Linux Privilege Escalation with Setuid and Nmap

I recently completed a CTF ‘boot to root’ style virtual machine from vulnhub.com and encountered an interesting privilege escalation technique that I thought I would share. Vulnhub is a lot of fun check it out for practice, I’ve recently had a lot of fun with online and offline virtual machine CTF’s and continue to learn a lot. To cut a long story short, I ended up landing a limited user shell on a Linux web server through a php script back to meterpreter. I dropped into a shell from meterpreter, the user had limited access. I was essentially logged in as the web server deamon user id. I started off going through the usual Linux enumeration, gathering some basic information, getting my bearings. A few tasks later on, I started to look at how I could escalate my privileges. I started  looking at files in the file system that could be executed as root. I was specifically looking for executable files where the setuid parameter was marked and where the owner was root. This essentially means when the program is executed it is executed in the permission of the owner of the file (where the EUID, the Effective User ID is root), in this case root. We would look for these types of file with the below find command:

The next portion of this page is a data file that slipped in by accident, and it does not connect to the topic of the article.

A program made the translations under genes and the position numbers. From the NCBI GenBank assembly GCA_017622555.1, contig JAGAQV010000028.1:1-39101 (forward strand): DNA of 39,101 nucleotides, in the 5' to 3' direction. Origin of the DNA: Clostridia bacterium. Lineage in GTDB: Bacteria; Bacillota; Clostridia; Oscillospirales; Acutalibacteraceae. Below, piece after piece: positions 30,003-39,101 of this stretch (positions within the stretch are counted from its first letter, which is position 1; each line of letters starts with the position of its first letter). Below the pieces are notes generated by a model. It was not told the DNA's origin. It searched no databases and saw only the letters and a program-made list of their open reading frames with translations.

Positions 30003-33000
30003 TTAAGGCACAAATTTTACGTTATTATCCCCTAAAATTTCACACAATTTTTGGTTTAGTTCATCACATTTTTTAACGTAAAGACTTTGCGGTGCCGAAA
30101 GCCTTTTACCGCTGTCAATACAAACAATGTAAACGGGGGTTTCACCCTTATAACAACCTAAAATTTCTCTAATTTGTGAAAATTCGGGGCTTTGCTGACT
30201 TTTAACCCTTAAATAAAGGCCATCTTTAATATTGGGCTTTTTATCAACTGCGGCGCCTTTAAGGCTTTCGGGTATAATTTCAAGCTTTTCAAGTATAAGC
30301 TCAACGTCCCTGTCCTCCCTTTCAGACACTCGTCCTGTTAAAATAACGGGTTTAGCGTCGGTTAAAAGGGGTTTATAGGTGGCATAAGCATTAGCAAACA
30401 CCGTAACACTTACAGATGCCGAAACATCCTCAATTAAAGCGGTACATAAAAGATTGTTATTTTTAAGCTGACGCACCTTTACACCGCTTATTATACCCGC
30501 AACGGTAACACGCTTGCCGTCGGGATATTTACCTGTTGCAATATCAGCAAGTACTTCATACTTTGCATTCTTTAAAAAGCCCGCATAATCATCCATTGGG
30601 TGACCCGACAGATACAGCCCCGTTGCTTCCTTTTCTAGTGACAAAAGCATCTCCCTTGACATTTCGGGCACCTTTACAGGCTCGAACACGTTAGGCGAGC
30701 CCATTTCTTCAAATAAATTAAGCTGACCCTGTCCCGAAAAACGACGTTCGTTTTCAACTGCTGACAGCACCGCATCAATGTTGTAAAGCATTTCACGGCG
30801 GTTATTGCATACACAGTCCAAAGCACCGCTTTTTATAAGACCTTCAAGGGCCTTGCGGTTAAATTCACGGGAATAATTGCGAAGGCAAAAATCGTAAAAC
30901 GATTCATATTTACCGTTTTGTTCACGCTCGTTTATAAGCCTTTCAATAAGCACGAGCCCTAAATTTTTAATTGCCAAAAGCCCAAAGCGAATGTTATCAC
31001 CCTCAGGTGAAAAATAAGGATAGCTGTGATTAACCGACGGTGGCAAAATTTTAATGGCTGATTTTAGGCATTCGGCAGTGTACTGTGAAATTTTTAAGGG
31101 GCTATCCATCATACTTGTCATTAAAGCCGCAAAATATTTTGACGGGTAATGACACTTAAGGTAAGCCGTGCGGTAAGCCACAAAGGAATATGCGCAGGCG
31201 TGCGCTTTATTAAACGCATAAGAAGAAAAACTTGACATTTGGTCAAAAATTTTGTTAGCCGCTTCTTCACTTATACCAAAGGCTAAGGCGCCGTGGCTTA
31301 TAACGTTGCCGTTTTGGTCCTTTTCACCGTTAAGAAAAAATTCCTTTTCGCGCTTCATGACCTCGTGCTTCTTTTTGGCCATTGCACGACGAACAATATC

Breaking the above command down:

find – the find command đŸ˜‰
/ – this is where we are looking in the file system, ie in the root.
-user root – looking for files with the owner of root.
-perm -4000 – looking for where the permissions of file are set to 4000
– exec ls -la – executing the commands ls -la. So we can see additional info.

In the list of files returned I came across the below:

I was able to abuse the above by executing nmap in the context of root. Nmap is set this way as it needs to run in the context of root to be able to perform its many functions. This version of Nmap has an interactive mode, where we are able to execute commands (you can already guess where this is going!). This can be called with ‘nmap –interactive’ which then gives us a special prompt ‘nmap>’. With this prompt we can then execute commands with an ! in front. Even drop into a shell with an EUID as root.

As we can see from the id output the ‘UID’ ie the ‘user id’ is ‘robot’ however the ‘EUID’ ie the ‘effective user id’ is root. Yay!

Well hopes this small snippet of info helps. Happy New Year to all!

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